Welcome to SourDom's beginners blog, the tutorials are:
How to make your own starter.
How to use short kneads to handle moist doughs and bake a loaf with a yeast-based preferment.
The subtleties of proving a loaf using a ‘biga’.
How to shape a loaf using a hybrid recipe.
The final crucial steps and putting it all together to bake a 100% sourdough loaf.
- What you will need
- Looking after your starter
What you will need:
- White flour (preferably organic)
- Rye flour (preferably organic)
- Water (preferably filtered)
- A large clean jar or container (ideally transparent so that you can see what is happening)
- A spoon (to stir with)
- a little patience…
Sourdough is the oldest form of leavened (or ‘risen’) bread. Baking presumably existed for a long time before that, mixing a paste of dried ground grains with water, and then baking it. However at some point someone must have discovered that if the paste or dough was left overnight, or for a couple of days, it started to change in appearance and odour, and that the bread when baked was lighter in texture, easier to digest, and stronger in flavour.
The oldest form of leavening was almost certainly due to this sort of accidental development of a starter, with small amounts of dough/paste being kept aside from one batch to leaven the next. At some point residues from fermented grapes or hops were used to provide an alternative source of yeast. Of course nowadays most baking is done with commercially isolated yeast.
Sourdough baking uses a technique akin to that earliest form of baking leavened bread. In this tutorial we are going to try to do deliberately what the ancients did inadvertently - to create an environment in which flour and water will naturally ferment. Once that fermentation has established we can use that culture of microorganisms to make our bread indefinitely (at least as long as we look after it properly).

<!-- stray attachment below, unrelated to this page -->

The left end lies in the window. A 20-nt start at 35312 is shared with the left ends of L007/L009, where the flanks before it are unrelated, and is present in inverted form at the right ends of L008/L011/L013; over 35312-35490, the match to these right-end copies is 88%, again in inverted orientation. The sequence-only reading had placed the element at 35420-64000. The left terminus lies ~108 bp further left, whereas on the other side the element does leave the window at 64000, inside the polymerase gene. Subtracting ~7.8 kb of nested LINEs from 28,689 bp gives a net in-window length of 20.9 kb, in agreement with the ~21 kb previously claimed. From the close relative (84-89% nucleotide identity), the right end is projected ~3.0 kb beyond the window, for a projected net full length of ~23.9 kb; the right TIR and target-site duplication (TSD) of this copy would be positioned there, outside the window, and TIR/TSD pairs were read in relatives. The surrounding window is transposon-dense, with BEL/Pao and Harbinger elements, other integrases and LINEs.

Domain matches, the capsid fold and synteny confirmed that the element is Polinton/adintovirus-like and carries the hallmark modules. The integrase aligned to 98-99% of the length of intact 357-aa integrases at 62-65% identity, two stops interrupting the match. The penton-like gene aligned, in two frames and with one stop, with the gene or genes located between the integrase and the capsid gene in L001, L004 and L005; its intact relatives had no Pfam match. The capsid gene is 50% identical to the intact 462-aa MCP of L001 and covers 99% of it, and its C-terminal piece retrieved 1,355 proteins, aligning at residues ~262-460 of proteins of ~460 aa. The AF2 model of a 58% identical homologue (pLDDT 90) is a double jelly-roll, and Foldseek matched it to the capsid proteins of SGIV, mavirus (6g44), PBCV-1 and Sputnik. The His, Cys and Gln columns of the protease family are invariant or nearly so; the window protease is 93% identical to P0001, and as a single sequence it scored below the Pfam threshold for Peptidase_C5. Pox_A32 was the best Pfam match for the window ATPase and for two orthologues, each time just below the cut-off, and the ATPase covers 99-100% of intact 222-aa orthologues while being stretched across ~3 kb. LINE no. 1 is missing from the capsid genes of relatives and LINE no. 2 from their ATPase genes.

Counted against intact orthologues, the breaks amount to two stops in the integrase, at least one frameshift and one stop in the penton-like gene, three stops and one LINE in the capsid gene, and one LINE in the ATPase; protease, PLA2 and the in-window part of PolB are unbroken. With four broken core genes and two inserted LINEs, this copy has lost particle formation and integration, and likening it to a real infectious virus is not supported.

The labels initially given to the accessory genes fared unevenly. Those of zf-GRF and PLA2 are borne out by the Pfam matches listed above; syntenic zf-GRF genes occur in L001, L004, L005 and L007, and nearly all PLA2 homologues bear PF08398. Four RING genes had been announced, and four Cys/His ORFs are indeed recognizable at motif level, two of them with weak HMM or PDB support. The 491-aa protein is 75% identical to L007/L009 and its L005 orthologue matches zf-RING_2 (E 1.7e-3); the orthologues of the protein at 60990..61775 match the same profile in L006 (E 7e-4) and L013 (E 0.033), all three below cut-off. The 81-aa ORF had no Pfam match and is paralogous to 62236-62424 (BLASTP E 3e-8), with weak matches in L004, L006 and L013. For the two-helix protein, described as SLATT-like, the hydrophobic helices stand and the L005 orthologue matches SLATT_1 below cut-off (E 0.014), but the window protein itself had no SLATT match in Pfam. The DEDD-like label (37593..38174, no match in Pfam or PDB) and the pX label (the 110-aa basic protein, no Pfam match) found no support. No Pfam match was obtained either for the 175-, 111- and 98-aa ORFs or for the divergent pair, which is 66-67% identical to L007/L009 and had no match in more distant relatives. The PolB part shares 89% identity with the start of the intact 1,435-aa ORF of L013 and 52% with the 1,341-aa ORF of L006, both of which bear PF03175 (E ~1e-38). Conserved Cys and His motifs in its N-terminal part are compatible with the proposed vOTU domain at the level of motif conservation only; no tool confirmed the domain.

Established starters contain a mixture of yeast and bacteria. Don’t worry, these bacteria are quite friendly (they are the same ones that are present in yoghurt, or that people consume deliberately in preparations like ‘Yakult’). The yeast and bacteria live together in a special sort of cooperative existence, with the yeast eating and breaking down sugars from the flour, and the bacteria feeding off some of the breakdown products from the yeast. The yeast provides the leavening action for the bread, but the bacteria are responsible for much of the flavour.
There are lots of different ways of generating a successful starter. If you are interested I have previously compared a couple of different methods.
One question is where the yeast come from that populate the starter. One theory says that they come from the environment (the air). Adherents of that theory (eg the ’starter doctor’ Brian Dixon) suggest leaving the jar/bowl open to the air - even having a fan over the bowl so that airborne yeasts will land in it. An alternative theory argues that yeast spores can be found in the flour (particularly wholewheat flour?), or alternatively on the surface of grapes/sultanas (that’s why some starter ‘recipes’ suggest using organic grapes or sultanas to get things going). If that is the case, then you can cover your starter with plastic wrap. I confess that I have always covered the top of my starter jar, without discernible problems.
To start with (lots of unintended puns here), here are some general principles gleaned from different sources.